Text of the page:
– By Carly Twehous –
Jus in Bello = Right Conduct in War
After completely stealing the show in the otherwise jumbled mess of a plot that was Season 2 of Daredevil, it was practically inevitable that Frank Castle would be deemed worthy of his own Netflix show. He’s an inherently fascinating character, especially when pitted against one Matt Murdock. Together, Matt Murdock and Frank Castle are two, struggling Catholics, each with a tragic past, an undeniably handy skill-set, and, in their minds, a sacred mission.
In what we’ve already seen, both the personas of the Punisher and Daredevil were questions of hero versus the vigilante, of justice versus vengeance. Frank Castle is Batman, if Batman had less of a conscious and used guns. Or, for all you comic book fans out there, Frank Castle is Batman post-Killing Joke. The gloves are off and revenge is no longer a question of will-he-won’t-he.
For the Punisher, vengeance is modus operandi. It ain’t pretty, but you kinda have to know that going in.
The thing that’s so compelling about Frank Castle—at least in the source material—is the audience’s capacity for sympathizing with his methods. The mob bosses he’s pitted against are truly the wretched of the Earth and the comic books do not shy away from the gravity of their crimes. Nor do they sugarcoat Frank Castle’s deliberation or moral arc of coming to the decision that his definition of justice will not be met unless he puts these criminals in the grave.
It’s haunting and uncomfortable and, man, it will keep you up at night, but many people can easily sympathize with the likes of Frank Castle. Agree with him… Not so much. Morally speaking, agreement with this degree of punishment would fall under the jurisdiction of the Just War Theory. Just cause, right intention, and probability of success? Sure. Frank Castle has those in spades. It’s the proper authority and last resort criteria that remain shaky.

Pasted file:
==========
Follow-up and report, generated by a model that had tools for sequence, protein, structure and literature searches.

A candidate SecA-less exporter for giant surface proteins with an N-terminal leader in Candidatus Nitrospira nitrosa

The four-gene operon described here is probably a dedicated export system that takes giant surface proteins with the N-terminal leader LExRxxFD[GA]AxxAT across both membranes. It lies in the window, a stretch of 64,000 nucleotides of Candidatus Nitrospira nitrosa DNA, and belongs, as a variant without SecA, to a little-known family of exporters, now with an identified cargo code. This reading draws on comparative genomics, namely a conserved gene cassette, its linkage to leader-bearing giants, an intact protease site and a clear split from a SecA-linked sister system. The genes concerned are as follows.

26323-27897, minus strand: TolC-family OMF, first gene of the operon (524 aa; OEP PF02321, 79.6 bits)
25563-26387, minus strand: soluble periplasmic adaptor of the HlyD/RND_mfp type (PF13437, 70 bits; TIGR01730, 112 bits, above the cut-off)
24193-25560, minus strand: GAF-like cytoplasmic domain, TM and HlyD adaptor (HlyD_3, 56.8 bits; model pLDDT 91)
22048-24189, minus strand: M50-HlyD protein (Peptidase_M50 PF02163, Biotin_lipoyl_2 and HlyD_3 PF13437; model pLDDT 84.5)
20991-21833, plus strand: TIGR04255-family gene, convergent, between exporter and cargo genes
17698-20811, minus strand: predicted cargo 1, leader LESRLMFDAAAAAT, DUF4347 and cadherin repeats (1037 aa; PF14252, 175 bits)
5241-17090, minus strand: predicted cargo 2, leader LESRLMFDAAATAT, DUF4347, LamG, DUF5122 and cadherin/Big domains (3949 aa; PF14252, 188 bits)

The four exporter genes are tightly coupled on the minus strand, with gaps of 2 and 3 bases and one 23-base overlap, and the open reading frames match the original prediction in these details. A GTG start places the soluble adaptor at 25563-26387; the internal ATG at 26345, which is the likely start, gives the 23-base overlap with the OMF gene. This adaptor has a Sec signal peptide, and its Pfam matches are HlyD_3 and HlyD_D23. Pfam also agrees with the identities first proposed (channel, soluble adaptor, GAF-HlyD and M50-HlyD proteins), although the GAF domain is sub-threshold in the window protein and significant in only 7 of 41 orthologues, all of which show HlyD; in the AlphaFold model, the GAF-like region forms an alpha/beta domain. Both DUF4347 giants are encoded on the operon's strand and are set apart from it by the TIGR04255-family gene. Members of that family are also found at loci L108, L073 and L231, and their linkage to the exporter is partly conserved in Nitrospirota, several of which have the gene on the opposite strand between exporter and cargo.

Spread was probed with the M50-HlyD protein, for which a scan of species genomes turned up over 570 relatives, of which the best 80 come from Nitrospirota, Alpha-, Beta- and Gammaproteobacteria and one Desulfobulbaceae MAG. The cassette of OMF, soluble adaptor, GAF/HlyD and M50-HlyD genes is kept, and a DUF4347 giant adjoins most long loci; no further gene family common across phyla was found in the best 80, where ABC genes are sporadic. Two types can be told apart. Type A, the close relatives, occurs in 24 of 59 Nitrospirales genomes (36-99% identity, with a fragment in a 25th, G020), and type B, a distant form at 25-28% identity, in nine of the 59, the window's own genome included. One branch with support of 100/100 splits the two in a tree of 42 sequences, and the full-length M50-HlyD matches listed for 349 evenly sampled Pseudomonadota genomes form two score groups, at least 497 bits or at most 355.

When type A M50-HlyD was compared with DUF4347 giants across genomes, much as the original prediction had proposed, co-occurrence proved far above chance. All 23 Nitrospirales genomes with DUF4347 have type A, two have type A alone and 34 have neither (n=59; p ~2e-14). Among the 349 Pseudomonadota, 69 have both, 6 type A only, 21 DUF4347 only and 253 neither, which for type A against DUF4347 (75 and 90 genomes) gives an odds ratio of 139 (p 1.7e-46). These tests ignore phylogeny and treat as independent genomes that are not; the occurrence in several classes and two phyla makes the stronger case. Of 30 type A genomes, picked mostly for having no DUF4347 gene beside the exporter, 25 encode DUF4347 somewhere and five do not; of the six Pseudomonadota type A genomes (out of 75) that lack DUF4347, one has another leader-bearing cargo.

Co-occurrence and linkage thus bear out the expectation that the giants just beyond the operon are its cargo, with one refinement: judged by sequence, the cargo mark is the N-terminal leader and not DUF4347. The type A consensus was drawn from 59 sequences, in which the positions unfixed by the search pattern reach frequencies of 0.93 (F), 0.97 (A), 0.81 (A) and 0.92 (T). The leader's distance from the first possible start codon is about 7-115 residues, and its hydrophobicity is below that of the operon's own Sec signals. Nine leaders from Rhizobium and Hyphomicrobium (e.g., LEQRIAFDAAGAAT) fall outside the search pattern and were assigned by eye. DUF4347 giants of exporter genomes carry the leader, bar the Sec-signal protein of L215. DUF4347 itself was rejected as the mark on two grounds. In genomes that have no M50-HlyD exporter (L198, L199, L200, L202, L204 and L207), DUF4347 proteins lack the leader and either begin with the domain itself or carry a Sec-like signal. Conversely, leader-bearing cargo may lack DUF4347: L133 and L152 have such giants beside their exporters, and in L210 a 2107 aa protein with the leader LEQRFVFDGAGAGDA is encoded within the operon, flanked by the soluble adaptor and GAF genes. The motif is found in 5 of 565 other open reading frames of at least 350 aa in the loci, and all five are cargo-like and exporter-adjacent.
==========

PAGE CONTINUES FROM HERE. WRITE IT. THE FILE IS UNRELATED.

Fact is, even within the very broken streets of Hell’s Kitchen, there’s a system of justice in place. Matt Murdock saw to that and Daredevil takes care of the rest. What Frank Castle’s doing—that is, taking crime and punishment into his own hands—is pure and unadulterated anarchy.
Maybe the scariest thing about this character is the degree to which we sympathize and hope in him, that he completes his mission and takes the life of those too dangerous to be on the streets. We’re supposed to feel that, to squirm in our seats and reluctantly root for him, even if, deep down, we know we can never actually agree with the Punisher’s methods. To steal a line from an amazing TV show that, honestly, is a better use of your time than watching this mess, “Demons run, when a good man goes to war.”
(Seriously. Go catch up on Doctor Who and we’ll talk about it in a few weeks.)
Frank Castle, at his best persona, as written on the colorful pages of Marvel comics, exists to make people uncomfortable, to spark conversations about politics and war and philosophy and morality without the natural hindrances of political correctness and overcomplicated emotions.
This Frank Castle honestly put me to sleep. There was no moral deliberation, no question of right or wrong, no justification for the mass murders he commits.
This show took a brilliantly complicated and tormented man and made him into a mass-marketed icon that bikers tattoo on their arms without full knowledge of the true depth of his character.
Ironically, Frank Castle had more dimension on the colorful pages of the comic books from whence he came.
Carly Twehous is a screenwriting alumna from JPCatholic (’17) who possesses a slightly inordinate love of both chocolate and comic books. In what little free time she has, she makes use of it by time traveling, ghost busting, and furiously scouring the globe for potential alien activity.
For more TV Reviews by Carly, click here.